Cashew nuts commonly known as Kashu is a delicately flavored snack. It is also used as a popular ingredient in savory dishes Continentaly It is easily available and found in the local markets all year round. The nut is actually a conical shaped seed attached to the lower portion of a fruit known as cashew apple. Delicately sweet yet crunchy and delicious cashew nut packed with energy, antioxidants, minerals and vitamins that are essential for robust health.
Cashew Nuts Health Benefits.
Cashews are high in calories. 100 g of nuts provide 553 calories. They packed with soluble dietary fiber, vitamins, minerals and numerous health-promoting phytochemicals that help protects from diseases and cancers.
They are rich in “heart-friendly” monounsaturated fatty acids like oleic, and palmitoleic acids. These essential fatty acids help lower harmful LDL-cholesterol while increasing good HDL cholesterol in the blood. Research studies suggest that the Mediterranean diet which is rich in monounsaturated fatty acids contribute to preventing coronary artery disease and strokes by favoring healthy blood lipid profile.
Research shows that eating more nuts, such as cashews, can lower your risk for cardiovascular disease. This may occur by reducing blood pressure and “bad” cholesterol levels. Nuts are naturally cholesterol-free and contain good amounts of heart-healthy fats, fiber, and protein. They also contain arginine, which protects the inner lining of artery walls. Other vitamins and minerals in nuts, like potassium, vitamins E and B6, and folic acid, also help to fight heart disease.
The copper and iron in cashews work together to help the body form and utilize red blood cells. This in turn keeps blood vessels, nerves, the immune system, and bones healthy and functioning properly.
We’ve all heard that carrots are good for your eyes, but it might come as a surprise that cashews are too! They contain high levels of lutein and zeaxanthin, which act as antioxidants when consumed regularly. These compounds protect the eyes from light damage (which can turn into blindness in the elderly), and can even help decrease the instance of cataracts.
According to Harvard research, two servings of nuts a day is helpful in fighting against cardiovascular disease, diabetes, and cancer. Replacing animal fats and proteins with the mono-and polyunsaturated fats found in cashews is an excellent way to manage your weight and reduce the build-up of fat and cholesterol in the heart.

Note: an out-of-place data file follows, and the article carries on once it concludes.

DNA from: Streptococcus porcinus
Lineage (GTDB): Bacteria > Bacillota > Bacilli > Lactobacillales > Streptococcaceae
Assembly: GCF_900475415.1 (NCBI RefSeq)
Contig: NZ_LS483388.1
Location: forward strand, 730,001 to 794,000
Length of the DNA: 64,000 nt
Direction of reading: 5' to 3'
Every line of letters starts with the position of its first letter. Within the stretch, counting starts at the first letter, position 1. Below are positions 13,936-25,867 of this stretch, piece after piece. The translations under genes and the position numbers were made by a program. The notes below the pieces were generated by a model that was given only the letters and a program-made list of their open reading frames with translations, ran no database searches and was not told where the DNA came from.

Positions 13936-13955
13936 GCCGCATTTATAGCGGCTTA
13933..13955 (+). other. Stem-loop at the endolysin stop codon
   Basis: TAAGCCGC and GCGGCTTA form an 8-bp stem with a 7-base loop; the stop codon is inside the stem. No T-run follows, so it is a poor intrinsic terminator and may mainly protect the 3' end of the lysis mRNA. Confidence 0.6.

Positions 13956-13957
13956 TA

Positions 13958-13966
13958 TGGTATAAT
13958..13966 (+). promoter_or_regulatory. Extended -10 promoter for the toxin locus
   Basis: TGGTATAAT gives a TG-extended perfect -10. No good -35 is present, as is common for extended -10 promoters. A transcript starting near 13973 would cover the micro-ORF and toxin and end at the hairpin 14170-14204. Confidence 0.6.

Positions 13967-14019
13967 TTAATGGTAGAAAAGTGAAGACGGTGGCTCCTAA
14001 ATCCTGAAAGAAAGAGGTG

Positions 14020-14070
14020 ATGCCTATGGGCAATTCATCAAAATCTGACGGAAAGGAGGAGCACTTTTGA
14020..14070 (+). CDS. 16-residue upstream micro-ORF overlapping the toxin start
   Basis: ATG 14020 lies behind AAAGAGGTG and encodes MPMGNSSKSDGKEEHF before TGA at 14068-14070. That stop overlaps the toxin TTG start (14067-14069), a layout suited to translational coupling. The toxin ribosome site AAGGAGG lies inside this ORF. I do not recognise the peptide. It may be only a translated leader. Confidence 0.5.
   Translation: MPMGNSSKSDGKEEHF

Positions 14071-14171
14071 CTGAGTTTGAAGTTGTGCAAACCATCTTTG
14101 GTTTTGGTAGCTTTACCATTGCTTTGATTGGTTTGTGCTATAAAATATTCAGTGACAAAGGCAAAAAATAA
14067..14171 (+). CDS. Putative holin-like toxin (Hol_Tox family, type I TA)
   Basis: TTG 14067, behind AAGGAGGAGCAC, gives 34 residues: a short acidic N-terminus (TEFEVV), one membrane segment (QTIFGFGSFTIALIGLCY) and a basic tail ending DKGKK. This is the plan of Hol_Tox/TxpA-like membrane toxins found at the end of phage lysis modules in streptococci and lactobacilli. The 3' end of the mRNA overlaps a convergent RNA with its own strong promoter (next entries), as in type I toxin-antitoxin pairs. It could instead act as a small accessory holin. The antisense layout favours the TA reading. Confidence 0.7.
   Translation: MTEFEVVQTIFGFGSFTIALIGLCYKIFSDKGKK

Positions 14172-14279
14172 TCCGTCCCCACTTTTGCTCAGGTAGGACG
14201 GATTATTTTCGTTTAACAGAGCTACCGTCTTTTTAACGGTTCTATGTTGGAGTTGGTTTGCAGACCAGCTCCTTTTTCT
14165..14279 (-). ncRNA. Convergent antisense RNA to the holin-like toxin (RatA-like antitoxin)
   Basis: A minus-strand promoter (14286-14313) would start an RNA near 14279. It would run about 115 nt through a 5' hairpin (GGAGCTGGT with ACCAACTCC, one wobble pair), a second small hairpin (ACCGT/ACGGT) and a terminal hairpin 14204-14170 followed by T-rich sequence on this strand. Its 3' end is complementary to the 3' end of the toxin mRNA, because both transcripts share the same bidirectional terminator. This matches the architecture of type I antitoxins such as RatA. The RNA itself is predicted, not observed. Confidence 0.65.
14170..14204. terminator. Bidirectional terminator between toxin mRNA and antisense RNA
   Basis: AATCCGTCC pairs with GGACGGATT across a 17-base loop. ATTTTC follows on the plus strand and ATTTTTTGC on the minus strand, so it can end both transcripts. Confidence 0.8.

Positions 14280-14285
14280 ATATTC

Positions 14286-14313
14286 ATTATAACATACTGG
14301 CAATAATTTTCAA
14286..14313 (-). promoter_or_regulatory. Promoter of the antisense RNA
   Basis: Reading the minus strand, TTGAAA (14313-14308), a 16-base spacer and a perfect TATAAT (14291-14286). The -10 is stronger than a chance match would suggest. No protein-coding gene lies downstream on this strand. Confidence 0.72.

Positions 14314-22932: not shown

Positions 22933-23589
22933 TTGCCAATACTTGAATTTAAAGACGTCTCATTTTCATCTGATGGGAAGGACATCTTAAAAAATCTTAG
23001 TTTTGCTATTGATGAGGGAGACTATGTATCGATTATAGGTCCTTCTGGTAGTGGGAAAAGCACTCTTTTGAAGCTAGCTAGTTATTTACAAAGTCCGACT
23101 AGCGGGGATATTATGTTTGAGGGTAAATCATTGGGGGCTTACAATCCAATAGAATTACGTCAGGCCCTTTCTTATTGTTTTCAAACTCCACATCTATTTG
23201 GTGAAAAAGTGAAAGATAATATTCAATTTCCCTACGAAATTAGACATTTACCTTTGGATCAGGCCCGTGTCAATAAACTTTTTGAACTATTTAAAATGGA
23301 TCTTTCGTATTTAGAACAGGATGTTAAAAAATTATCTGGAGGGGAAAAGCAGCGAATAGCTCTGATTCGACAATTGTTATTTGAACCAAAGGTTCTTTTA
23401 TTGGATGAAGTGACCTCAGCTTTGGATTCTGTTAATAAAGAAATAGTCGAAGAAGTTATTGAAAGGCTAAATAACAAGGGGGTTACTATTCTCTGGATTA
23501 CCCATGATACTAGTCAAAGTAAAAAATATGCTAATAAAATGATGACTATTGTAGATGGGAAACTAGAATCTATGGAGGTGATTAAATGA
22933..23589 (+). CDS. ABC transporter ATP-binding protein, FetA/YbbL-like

Reduce Risk of Diabetes.
The presence of very low amounts of sugar and no harmful cholesterol in cashews makes them safe for diabetic patients! This even helps in lowering the risk of type 2 diabetes.
Healthy Muscles & Nerves.
Cashews are a good source of magnesium, which is vital for the healthy development of bones, muscles, tissues, and organs of the body. Magnesium helps maintain blood pressure, boost the immune system, maintain the nerve function, and keep the bones strong. It also is involved in metabolic functions, influences the insulin activity and regulates the blood sugar levels of the body. A deficiency of magnesium alters the metabolism of calcium and the hormones responsible for its regulation.
Reduce Risk of Anemia.
Cashews are a source of dietary iron which is vital for carrying oxygen around the body and aids in the functioning of enzymes and the immune system. A deficiency of iron in the diet can lead to fatigue, anemia, and an increased susceptibility to infections.
Gallstones are stone-like deposits that usually consist of cholesterol, which accumulates in the gallbladder. A regular inclusion of healthy nuts like cashews can help lower the risk of formation of gallstones.
The Nutritional Values Of Cashew Nuts.
Cashews are loaded with many essential vitamins such as pantothenic acid (vitamin B5), pyridoxine (vitamin B-6), riboflavin, and thiamin (vitamin B-1). 100 g nuts provide 0.147 mg or 32% of daily recommended levels of pyridoxine. Pyridoxine reduces the risk of homocystinuria, and sideroblastic anemia. Niacin helps prevent “pellagra” or dermatitis. Additionally, these vitamins are essential for the metabolism of protein, fat, and carbohydrates at the cellular level.
|Principle||Nutrient Value||Percentage of RDA|
|Total Fat||43.85 g||146%|
|Dietary Fiber||3.3 g||8.5%|
|Pantothenic acid||0.864 mg||17%|
|Vitamin A||0 IU||0%|
|Vitamin C||0.5 mg||1%|
|Vitamin E||5.31 mg||35%|
|Vitamin K||34.1 µg||28%|
The Cashew Fruit (Apple).
Cashew Fruit (Cashew Apple): Cashew apples possess anti-bacterial properties and have been proven to be effective in treating stomach ulcers and gastritis, which are usually caused by H. pylori bacteria. The juice from cashew apples is rich in vitamin C and has an anti-scurvy effect. It is widely utilized in the cosmetic industry due to the presence of antioxidants and is used in the preparation of various creams and shampoos.
Cashew extract contains anacardic acid, which is an antioxidant and has been shown to limit the pigmentation effects of aging and eradicate the cancer cells. The fruit of the cashew tree is used to treat infant’s thrush and sore mouth. In the Amazon, people use tea prepared from the bark and the cashew apple juice for chronic dysentery and as an anti-diarrheal remedy. It is also believed to possess sudorific or sweat-inducing properties. The juice extracted from the cashew apple can also serve as an ointment for aches of rheumatism and neuralgia.
In South America, it is used to prepare sauces, jams, and curries, and it is also fermented into vinegar and liquor. It is not very popular because of its acidic taste, owing to the presence of a layer of its skin that can lead to allergic reactions on the throat or tongue, making it non-palatable. It can be consumed only after steaming or boiling for a few minutes.